By Elisa Wood
December 10, 2009
Jon Stewart said it best: Obama is a lousy poker payer. Lucky thing, too, for the energy efficiency industry as it heads into 2010.
Stewart’s December 8 “The Daily Show” aired a clip of Obama recently telling business leaders: “I don’t want to tip our hand too much, but one of the things I would be surprised if we don’t end up moving forward on is an aggressive agenda for energy efficiency and weatherization.”
Tip his hand? In fact, as Stewart pointed out, Obama has shown that hand broadly to the world for the last year. Starting with his January 2009 inaugural speech, Obama buoyed the clean energy industry by advancing renewable energy, a first for a US president in that forum. But that turned out to be just the start. In talk after talk this year, he pushed efficiency. If US voters didn’t know the term ‘weatherization’ before, they know it now. What could be better publicity for a product than having it endorsed by the leader of the free world?
To say 2009 was a banner year for the energy efficiency industry is an understatement. Under Obama’s watch, the federal government has channeled $20 billion in stimulus dollars to energy efficiency and now promises more from bailout funds returned by banks.
While the money – and Obama’s support – was the big story for 2009 and continues to be going into 2010, it is important to remember that electric energy is ultimately a local industry in the United States. What happens before state public utility commissions and regional regulatory bodies often has greatest influence.
To that end here a few local trends of 2009 that may grow in 2010.
*Efficiency as a first fuel. Environment Northeast has been successful in convincing several New England states to consider efficiency to be the first fuel in portfolio planning. That means when utilities plan resources, they must secure all cost effective energy efficiency before pursuing power plant development or power purchases. http://www.env-ne.org/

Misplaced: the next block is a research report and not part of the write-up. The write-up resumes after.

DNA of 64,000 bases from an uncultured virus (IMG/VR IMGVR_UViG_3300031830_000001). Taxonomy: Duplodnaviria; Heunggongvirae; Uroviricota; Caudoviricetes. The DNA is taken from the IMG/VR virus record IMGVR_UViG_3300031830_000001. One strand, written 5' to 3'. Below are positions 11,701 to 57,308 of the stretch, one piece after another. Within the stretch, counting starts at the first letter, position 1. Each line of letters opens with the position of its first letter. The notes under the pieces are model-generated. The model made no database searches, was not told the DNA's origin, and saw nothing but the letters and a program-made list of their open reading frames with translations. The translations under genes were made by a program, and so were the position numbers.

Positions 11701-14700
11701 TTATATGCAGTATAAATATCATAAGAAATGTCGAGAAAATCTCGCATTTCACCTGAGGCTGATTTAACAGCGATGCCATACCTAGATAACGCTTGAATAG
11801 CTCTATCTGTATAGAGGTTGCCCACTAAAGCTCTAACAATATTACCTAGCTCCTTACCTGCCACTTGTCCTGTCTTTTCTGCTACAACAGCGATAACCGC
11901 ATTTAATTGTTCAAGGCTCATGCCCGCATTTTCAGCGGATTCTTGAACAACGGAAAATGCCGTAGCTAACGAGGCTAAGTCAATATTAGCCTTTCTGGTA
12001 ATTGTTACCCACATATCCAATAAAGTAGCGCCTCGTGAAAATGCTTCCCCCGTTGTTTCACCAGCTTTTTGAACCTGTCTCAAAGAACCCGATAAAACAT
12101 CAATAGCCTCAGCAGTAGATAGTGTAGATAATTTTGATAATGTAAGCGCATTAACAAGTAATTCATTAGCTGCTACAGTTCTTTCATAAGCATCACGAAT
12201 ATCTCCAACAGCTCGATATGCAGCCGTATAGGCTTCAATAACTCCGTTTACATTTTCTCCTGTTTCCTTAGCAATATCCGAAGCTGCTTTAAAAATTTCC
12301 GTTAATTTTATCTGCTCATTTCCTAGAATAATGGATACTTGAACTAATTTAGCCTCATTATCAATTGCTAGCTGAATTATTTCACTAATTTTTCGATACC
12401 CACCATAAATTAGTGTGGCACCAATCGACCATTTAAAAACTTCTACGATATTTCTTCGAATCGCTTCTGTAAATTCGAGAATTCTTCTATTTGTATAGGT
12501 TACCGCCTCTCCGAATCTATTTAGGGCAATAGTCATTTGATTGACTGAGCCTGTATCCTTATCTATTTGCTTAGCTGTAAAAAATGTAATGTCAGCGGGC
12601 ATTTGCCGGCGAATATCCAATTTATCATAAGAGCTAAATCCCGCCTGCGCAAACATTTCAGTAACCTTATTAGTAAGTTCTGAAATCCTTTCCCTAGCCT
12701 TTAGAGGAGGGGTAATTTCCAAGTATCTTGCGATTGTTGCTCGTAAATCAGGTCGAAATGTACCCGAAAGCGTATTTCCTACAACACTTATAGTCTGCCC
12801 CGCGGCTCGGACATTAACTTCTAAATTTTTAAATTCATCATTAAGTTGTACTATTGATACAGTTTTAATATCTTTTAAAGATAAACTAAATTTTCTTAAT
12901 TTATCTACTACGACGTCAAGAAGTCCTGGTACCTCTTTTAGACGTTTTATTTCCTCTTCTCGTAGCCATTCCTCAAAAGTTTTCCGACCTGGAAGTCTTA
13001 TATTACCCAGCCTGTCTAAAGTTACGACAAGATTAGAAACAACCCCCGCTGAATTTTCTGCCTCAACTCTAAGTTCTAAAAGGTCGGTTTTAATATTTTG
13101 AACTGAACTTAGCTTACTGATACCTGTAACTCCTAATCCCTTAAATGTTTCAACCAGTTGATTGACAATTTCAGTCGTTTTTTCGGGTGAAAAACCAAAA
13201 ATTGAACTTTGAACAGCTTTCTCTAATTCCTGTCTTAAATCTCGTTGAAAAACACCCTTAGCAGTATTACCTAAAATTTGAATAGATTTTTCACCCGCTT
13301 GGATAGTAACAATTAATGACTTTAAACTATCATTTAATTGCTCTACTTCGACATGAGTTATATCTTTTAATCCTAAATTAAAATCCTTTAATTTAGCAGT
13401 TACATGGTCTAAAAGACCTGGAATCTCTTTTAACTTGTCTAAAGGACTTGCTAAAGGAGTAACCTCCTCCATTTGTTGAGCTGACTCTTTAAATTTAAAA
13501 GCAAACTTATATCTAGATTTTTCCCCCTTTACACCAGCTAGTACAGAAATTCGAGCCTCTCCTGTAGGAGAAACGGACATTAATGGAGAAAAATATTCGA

*Decoupling. Utilities have little incentive to encourage energy savings if they earn their profits from selling power. Decoupling changes utility accounting and cost recovery by delinking profits from sales. California and Massachusetts are examples of states with full decoupling and their utilities have among the most aggressive efficiency programs in the country. Several other states partially use the approach; others are considering adopting it.
*Energy efficiency portfolio standards. Similar to renewable portfolio standards, EEPS require that utilities, and in some cases competitive retail suppliers, achieve certain energy savings goals. Federal proposals are under consideration for a national EEPS. That may or may not happen. But 19 states now have the standards; look for more to pursue the approach.
What else does the EE industry have to look forward to in 2010? Please post what you see in your crystal ball.
Visit Elisa Wood at http://www.realenergywriters.com/ and pick up her free Energy Efficiency Markets podcast and newsletter.